How to Install Ngrok on Google Cloud Shell

How to Install Ngrok on Google Cloud Shell


In this tutorial, I will guide you on how to install and use Ngrok on Google Cloud Shell.

After going through this tutorial, you will be able to use Ngrok on Google Cloud Shell and make the web apps you run on the Cloud Shell public.

What is Ngrok?

Ngrok is a service that enables you to share local resources, such as a website, on the internet. It generates a URL that consists of a dynamic subdomain. For instance, if your website is only accessible locally through the address localhost:3000, like a Node website, Ngrok will generate a URL in the form https://<unique_subdomain> that points to your locally hosted website.

What is Google Cloud Shell?

Google Cloud Shell is an online development and operations environment accessible from any web browser. It provides command-line access to a Linux-based virtual machine instance. This machine comes preloaded with utilities such as gcloud and kubectl, and an online code editor with support for popular programming languages.

Cloud Shell also includes pre-installed admin and development tools such as MySQL, Kubernetes, Docker, and Skaffold. It offers 5 GB of persistent storage and can be activated directly within Google Cloud documentation. Source control via Git is available in the code editor or command line. Cloud Shell allows for easy migration of source code between Cloud Shell Editor and local IDEs.

The Benefits of Google Cloud Shell

  • Free online development environment in your browser you can use to test and build projects

  • Powerful processor ( 2 cores or 4 cores Intel Xeon CPU)

  • Lots of RAM (8GB or 16GB)

  • Comes with a free editor based on Theia

The Limitations of Google Cloud Shell

The limitations of using Google Cloud Shell include:

  • Limited range of ports to use. (Use ngrok or ssh port forwarding to bypass this)

  • You can only preview one port at a time. (Use ngrok or ssh port forwarding to bypass)

  • Limited storage (5GB). (That’s more than enough for most projects though)

  • Lack of persistent installs. (That can be overcome by installing it from source in your $HOME directory, however, that will severely limit your storage capacity)

  • Usage limit of 50 hours per week. (You can apply for more hours though)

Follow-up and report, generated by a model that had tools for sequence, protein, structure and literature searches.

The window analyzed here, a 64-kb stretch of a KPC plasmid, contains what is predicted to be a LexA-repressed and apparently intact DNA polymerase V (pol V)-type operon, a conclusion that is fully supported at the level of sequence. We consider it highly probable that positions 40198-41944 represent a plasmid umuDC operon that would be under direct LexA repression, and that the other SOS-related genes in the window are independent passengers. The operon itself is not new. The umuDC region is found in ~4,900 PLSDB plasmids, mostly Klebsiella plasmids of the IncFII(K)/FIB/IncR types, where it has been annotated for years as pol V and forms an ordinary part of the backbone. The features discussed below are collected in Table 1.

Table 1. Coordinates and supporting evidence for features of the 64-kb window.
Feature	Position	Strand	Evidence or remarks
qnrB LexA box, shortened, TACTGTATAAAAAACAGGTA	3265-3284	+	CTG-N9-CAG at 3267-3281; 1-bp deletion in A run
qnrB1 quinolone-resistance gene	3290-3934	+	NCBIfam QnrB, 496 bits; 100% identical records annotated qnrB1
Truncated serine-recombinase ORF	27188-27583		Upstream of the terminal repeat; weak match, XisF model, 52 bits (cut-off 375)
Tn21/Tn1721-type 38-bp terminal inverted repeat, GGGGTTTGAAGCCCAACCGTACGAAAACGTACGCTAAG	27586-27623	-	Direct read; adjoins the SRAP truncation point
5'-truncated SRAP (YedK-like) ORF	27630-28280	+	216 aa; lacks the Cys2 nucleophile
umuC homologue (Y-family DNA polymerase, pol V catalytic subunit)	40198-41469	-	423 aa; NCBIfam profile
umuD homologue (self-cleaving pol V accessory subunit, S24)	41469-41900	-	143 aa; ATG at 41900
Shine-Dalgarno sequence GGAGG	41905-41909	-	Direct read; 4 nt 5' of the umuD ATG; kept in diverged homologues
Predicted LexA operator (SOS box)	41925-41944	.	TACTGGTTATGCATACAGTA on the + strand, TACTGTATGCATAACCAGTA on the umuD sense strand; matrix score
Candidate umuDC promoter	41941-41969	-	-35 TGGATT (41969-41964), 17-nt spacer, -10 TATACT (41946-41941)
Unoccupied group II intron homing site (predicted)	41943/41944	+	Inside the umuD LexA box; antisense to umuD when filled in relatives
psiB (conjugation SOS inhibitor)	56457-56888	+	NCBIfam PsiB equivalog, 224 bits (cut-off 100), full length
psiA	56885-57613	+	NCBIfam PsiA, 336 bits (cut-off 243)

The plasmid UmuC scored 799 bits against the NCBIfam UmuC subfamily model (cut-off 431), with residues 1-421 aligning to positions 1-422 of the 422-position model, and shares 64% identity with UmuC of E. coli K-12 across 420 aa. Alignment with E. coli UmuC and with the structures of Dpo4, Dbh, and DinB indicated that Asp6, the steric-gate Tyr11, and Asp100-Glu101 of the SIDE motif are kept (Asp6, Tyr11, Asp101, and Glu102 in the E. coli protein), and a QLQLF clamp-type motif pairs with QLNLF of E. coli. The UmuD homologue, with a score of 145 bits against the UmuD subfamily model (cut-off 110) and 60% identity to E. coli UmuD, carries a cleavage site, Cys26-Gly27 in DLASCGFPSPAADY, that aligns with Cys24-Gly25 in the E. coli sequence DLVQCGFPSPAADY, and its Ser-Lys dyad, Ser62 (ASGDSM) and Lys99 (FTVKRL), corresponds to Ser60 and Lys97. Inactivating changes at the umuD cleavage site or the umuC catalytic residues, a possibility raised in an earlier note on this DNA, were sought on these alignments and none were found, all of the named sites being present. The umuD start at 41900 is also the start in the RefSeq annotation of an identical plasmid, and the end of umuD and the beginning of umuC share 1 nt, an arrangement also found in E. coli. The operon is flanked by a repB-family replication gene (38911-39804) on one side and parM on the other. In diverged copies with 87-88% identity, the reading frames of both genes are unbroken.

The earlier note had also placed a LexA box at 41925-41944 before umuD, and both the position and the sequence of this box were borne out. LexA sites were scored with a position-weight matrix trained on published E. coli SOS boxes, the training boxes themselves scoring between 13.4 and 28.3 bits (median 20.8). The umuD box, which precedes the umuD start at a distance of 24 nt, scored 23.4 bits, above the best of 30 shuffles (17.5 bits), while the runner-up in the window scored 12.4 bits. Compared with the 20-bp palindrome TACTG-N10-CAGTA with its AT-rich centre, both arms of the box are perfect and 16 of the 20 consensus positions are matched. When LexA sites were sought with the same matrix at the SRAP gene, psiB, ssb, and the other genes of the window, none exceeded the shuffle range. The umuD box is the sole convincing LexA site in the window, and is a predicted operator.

How Ngrok fits in

Ngrok addresses some of the limitations of Google Cloud Shell. With Ngrok you can access restricted ports like port 80 as well as preview more than one port at a time in your cloud shell instance.


Before we begin, you need the following:

Step 1 - Launch Google Cloud Shell

In your browser, log in to your Google Account and open up the Google Cloud Shell by visiting This launches your Google Cloud Shell and you will see a window split into two with the Cloud Shell Editor on top and the terminal on the bottom.

In the terminal, you will see the following message, “Welcome to Cloud Shell! Type “help” to get started.

Google Cloud Shell Interface

Step 2 - Downloading Ngrok

To download ngrok, you first need to navigate to its official website at Once you are on the website, click on the Get started for free button. This will take you to a page where you can sign up for a free ngrok account.

ngrok sign up form

After you have signed up, you will be redirected to the ngrok dashboard. Navigate to the Setup & Installation page. From there, you can download the ngrok client.

ngrok dashboard - setup & installation page

In our case, we want the Linux version of ngrok to use in Google Cloud Shell. Copy the link to the download. It should be similar to this - depending on the latest stable version available.

In your Cloud Shell enter the following command:


In a few seconds, the ngrok archive will be downloaded to your $HOME folder.

Step 3 - Installing Ngrok

After downloading ngrok, you will need to extract it. use the following command:

tar xvzf ngrok-v3-stable-linux-amd64.tgz

This creates a folder named ngrok in your $HOME directory.

Add ngrok to your PATH to execute the ngrok command.

sudo cp ngrok /usr/local/bin

Type ngrok in your shell to confirm it’s working.


You should get an output similar to this:

ngrok command output

Now that ngrok is working, the next step is to connect your Ngrok account.

Step 4 - Connect your Ngrok account

Go to your Ngrok dashboard and navigate to Your Authtoken - ngrok. Copy your personal Authtoken.

Run this command to add your authtoken to the default ngrok.yml configuration file.

ngrok config add-authtoken <Authtoken>

NOTE: Replace with your specific ngrok account Authtoken

This will authenticate the ngrok agent you downloaded in Step 3. It will also grant you access to more features and longer session times.

Step 5 - Test Ngrok

To test ngrok we are going to see if works on a restricted port on Cloud Shell.

Run a simple Python HTTP web server on port 80 (restricted port) in your Cloud Shell using the following command:

cd `mktemp -d` \
    && echo '<html><body>Hello World</body></html>' >./index.html \
    && python -m http.server 80

You will receive, Serving HTTP on port 80 ( . This confirms that your web server is running.

To connect to ngrok, open a new terminal tab by clicking the + icon in your Cloud Shell. Then run the following command:

ngrok http 80

This will start ngrok and create a public URL that you can use to access the simple web server.

ngrok running

Visit the generated ngrok link in your browser. If all is working you should see the text “Hello World” in a blank page, as seen below:

ngrok link in browser

The running tunnels will be listed on the endpoints page of your dashboard.

ngrok dashboard - endpoints page


Congratulations! You have successfully installed and run ngrok on Google Cloud Shell. You can now use ngrok to securely expose web apps you run on Google Cloud Shell to the internet.

If you have any questions or comments, feel free to leave them below.